Overall, the relative risk of atrial fibrillation associated with thyroid dysfunction was highest among the younger subjects and lower in elderly subjects. This is because less of the atrial fibrillation risk is attributable to a hyperthyroid state in elderly people, whereas hyperthyroidism in younger adults is often the main cause of atrial fibrillation. This observation may be in line with the fact that the marked rise in atrial fibrillation incidence with increasing age is mainly due to increased cardiovascular comorbidity (such as hypertension, heart failure, myocardial infarction, valvular heart disease, and diabetes).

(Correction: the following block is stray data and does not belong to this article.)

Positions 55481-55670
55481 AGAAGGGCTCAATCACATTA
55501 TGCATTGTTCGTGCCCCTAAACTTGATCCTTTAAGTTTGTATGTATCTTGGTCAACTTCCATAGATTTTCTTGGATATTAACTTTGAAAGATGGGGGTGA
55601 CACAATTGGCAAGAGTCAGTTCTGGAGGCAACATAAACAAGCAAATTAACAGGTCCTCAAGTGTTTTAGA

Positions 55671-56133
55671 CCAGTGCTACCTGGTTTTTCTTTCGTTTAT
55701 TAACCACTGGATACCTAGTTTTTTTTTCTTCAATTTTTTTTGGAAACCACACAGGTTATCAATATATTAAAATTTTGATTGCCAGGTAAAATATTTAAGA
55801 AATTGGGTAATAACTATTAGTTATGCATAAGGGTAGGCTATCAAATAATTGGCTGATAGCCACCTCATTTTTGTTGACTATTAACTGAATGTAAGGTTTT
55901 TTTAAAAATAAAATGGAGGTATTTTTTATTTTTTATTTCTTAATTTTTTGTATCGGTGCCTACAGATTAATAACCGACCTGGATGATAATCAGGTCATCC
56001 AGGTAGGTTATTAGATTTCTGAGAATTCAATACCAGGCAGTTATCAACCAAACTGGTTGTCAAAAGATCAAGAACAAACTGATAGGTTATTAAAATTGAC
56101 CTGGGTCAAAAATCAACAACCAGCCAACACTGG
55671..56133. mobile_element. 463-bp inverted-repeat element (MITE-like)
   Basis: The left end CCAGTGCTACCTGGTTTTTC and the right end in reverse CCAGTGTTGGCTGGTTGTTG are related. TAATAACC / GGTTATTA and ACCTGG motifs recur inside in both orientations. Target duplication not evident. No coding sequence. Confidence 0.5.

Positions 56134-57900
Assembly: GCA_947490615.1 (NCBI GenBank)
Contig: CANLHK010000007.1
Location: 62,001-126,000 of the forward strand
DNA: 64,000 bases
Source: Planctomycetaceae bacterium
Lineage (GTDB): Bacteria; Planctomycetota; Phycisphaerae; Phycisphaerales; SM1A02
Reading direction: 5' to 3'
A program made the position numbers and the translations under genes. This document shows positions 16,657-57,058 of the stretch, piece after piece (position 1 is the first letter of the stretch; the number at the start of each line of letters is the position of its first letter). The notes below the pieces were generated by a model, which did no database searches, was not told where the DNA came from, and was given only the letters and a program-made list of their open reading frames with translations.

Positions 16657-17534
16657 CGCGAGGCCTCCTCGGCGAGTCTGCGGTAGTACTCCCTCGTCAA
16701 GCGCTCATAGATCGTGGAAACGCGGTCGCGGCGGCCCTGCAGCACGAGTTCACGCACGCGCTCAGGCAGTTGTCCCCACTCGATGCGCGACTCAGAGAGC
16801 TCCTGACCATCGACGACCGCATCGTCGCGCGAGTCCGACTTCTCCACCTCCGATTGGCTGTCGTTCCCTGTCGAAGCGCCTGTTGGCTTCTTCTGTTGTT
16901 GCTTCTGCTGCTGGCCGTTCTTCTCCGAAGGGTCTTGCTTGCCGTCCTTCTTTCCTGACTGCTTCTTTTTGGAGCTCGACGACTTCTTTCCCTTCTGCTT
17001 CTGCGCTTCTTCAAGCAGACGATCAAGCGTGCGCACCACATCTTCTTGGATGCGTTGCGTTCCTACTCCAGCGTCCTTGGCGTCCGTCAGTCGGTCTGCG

Of course, this is not to suggest that ignoring the possibility is right. Just questioning the direct application of that paper to you as an individual. I'd also be a lot happier if the paper had included FT4 and FT3 results!

1 like

Thank you for searching through and finding out these points which are extremely relevant. I am a fairly fit 73 with no history of heart problems though do have very well controlled diabetes (on metformin). Appreciate your interest.

1 like